Black students need black teachers, too


Published: Thursday, January 19, 2012 at 6:01 a.m.
Last Modified: Wednesday, January 18, 2012 at 2:44 p.m.

The recent article, "Minority teachers are hard to come by," published in the Jan. 12 edition of the Guardian, prompted me to reflect back on my own education while attending a segregated school where all of my teachers and administrators were black.

During those days, it was purported that we received an inferior education. True enough, we had hand-me-down textbooks that came from Gainesville High School and we certainly could have stood to have had better equipment and other basic materials that schools need, but was our education inferior? Not by a long shot.

Over the years, Lincoln High produced educators, businessmen and businesswomen, engineers, scientists, doctors and lawyers. So how did these successes occur, given that we were receiving a second-rate education? The findings in the article suggest that black students perform better when taught by black teachers. We had teachers who cared about us and how well we performed, and certainly they could relate to us being of the same culture and ethnic group.

They believed in us and our ability to learn. I believe that these attributes are extremely important when teaching children. They were the closest thing we had at that time to professional role models, so the findings in this article were not surprising to those of us who attended all-black institutions.

This is one of several reasons why some of us who attended the all-black Lincoln High School would like to see it restored to a high school. Do we expect that Lincoln would be an all-black school again? No, we do not. That would be absurd. But what we do know is this. Lincoln's legacy could serve as a foundation to inspire black students attending the school to want to achieve at a higher level and be successful.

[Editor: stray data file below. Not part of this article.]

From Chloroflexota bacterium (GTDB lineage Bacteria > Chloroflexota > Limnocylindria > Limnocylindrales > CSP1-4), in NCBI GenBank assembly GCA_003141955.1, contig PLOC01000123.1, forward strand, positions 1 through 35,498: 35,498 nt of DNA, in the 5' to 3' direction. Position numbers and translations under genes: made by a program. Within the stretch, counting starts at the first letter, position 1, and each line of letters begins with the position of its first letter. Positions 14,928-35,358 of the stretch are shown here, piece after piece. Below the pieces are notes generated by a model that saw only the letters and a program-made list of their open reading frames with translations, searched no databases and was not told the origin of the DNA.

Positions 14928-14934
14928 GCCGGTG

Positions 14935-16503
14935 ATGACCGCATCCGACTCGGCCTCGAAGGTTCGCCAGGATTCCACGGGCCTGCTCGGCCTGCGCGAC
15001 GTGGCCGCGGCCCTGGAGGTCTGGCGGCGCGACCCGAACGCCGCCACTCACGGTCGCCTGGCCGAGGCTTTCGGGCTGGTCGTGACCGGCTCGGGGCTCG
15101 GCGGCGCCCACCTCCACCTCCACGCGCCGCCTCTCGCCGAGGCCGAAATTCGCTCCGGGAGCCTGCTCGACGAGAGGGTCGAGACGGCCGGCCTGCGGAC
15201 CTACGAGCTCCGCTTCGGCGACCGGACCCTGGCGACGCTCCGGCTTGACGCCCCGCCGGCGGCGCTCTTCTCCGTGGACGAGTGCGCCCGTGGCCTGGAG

The rich history of Lincoln High and the successes of the hundreds of graduates who left there could send a message to not only the black students, but all of its students that they can be anything they want to be. Attending Lincoln could serve as motivation for our children.

I liken this to freshmen who attend schools like Harvard University in Massachusetts. From the time they are accepted into that institution, they feel special, given Harvard's rich history and reputation. Lincoln could have an identical effect on black students if they were aware of what Lincoln represented to this community. It's all about pride.

So yes, we expect that black students would perform better when their teachers are black, just as we expect that white students would perform better under a white teacher. However, because we live in a diverse community, it is important that we all learn to interact and communicate with all races of people. After all, diversity is about valuing our differences and similarities.

However, I believe that our schools — elementary, middle and high — should have a representative number of black teachers that will provide black students with someone they can relate to and understand their challenges. This could make the difference in our students being successful or being left behind.

Albert E. White of Gainesville is president of the Lincoln High School Alumni Association Inc.

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